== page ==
You may have heard that phages "still haven’t made it through clinical trials.” What does this mean, and is anyone making any progress on this?
Are they toxic? Do they work?
To sell a phage as a drug in the US, you need to show the FDA that it’s safe in humans and that it works better than whatever’s already on the market to treat the condition you’re trying to treat. The European Medicines Agency (EMA) regulates drugs similarly in Europe.
Phase I, II, III… what?
You may have heard about phase I, II and III clinical trials. What do these mean? Put simply, phase I trials involve testing the drug on people to see if the drug is safe. Phase II trials involve testing for efficacy and looking for side-effects (usually 100-300 patients). Phase III trials are similar, but involve a lot more patients (usually 300-3000).
Are phages there yet?
Several research groups and companies around the world have completed phase I trials to show that phages are safe in humans. As well, many phage therapy case studies and case series have been done to evaluate phage efficacy. However, although case studies and case series can inform the design of randomized, controlled clinical trials, they do not replace them. Only a few randomized, controlled phase II clinical trials have been completed with phages, and those that have been completed have shown mixed outcomes.
In 2009, a small (24 patients) randomized, controlled phase II clinical trial in the UK showed that phages improved P. aeruginosa-induced ear infections. On the other hand, other randomized, controlled phase II phage trials have had things go wrong.
Are we learning anything?
We can learn a lot about how to do phage trials by scrutinizing the trials that didn’t show phage efficacy. For example, in 2013, a phase II trial was done to test the efficacy of E. coli phages on diarrhea in children, but the phages didn’t get rid of the diarrhea. However, it was later found that the diarrhea probably wasn’t caused by E. coli, so the fact that the E. coli phages didn’t help isn’t surprising. This trial emphasized the importance of pre-identifying the disease-causing organism before treating with phages.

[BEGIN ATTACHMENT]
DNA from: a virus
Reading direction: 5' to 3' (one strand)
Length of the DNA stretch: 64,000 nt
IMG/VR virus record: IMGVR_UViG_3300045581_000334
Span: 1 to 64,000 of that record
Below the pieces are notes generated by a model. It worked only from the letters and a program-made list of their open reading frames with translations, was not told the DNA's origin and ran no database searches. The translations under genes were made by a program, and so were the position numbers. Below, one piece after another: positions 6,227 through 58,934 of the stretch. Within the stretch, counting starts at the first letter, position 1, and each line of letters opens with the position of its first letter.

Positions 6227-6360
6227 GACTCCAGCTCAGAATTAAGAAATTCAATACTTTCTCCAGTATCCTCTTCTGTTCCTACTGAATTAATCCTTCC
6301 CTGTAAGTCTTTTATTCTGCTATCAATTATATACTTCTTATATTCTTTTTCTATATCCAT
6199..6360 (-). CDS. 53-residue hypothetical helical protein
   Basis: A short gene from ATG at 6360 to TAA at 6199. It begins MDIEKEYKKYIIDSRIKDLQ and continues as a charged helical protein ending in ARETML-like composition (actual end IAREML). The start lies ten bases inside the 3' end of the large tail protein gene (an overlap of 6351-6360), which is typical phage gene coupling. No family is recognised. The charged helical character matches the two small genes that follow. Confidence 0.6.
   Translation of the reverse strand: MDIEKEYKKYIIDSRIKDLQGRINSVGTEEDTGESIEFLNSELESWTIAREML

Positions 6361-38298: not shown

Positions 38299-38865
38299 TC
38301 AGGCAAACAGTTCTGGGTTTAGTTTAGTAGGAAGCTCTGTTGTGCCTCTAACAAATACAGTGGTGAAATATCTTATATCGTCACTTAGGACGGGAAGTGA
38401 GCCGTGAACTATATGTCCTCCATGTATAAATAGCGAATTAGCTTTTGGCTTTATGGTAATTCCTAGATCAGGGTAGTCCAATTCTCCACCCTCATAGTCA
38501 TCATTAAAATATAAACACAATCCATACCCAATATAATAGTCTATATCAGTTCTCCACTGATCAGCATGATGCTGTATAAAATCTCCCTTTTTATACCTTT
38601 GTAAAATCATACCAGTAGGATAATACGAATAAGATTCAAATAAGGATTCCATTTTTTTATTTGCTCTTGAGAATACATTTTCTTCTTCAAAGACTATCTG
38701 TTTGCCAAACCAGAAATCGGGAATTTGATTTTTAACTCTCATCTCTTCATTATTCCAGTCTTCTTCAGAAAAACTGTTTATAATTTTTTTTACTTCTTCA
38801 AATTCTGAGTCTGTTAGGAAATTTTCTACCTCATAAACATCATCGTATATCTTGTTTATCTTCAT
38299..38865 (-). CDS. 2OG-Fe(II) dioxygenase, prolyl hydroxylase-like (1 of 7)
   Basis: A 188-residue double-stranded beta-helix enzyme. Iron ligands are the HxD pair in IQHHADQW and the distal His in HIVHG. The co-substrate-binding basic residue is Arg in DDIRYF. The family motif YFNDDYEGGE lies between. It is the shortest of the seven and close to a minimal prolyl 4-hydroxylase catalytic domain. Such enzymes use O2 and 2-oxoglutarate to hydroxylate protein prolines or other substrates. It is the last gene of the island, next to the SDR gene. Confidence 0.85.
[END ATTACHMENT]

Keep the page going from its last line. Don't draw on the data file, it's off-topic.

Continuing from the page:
As recently as this year, a phase II trial to test phage treatment of P. aeruginosa-infected burn wounds, known as PhagoBurn, was completed in France, Belgium and Switzerland by the French company Pherecydes Pharma. Unfortunately, this trial showed that phages were less effective than the standard of care for burn patients. However, the company admitted that mixing their phages in a cocktail actually inactivated most of their phages, so patients ended up getting far fewer phages than they were meant to. The surprising part is that this low-level phage treatment actually did help the patients. This trial underscored the importance of understanding the conditions that inactivate or destabilize a given phage before using it for therapy.
What will 2019 bring?
Looking forward, 2019 could be one of the biggest years yet for randomized, controlled clinical trials that look for phage efficacy. For instance, Ampliphi will be doing phase II phage trials to treat Staphylococcus aureus-induced bacteremia and prosthetic joint infections and P. aeruginosa-induced pneumonia and bacteremia. Intralytix will be doing phase II phage trials to treat adhesive invasive E. coli (AIEC) infections in inflammatory bowel disease patients. Adaptive Phage Therapeutics will be testing its phages on UTIs in children (paywall).
Large, controlled, randomized efficacy trials cost a lot more than small safety trials, so it’s a big deal that companies are making these investments. The bottom line is that it’s becoming clear that phages are safe and that they’re probably effective at treating infections—now it’s likely just a matter of getting the conditions right.
Thanks for reading! Next week, we’ll cover phage treatments that are done outside of traditional clinical trials—who’s getting treated and how does this work?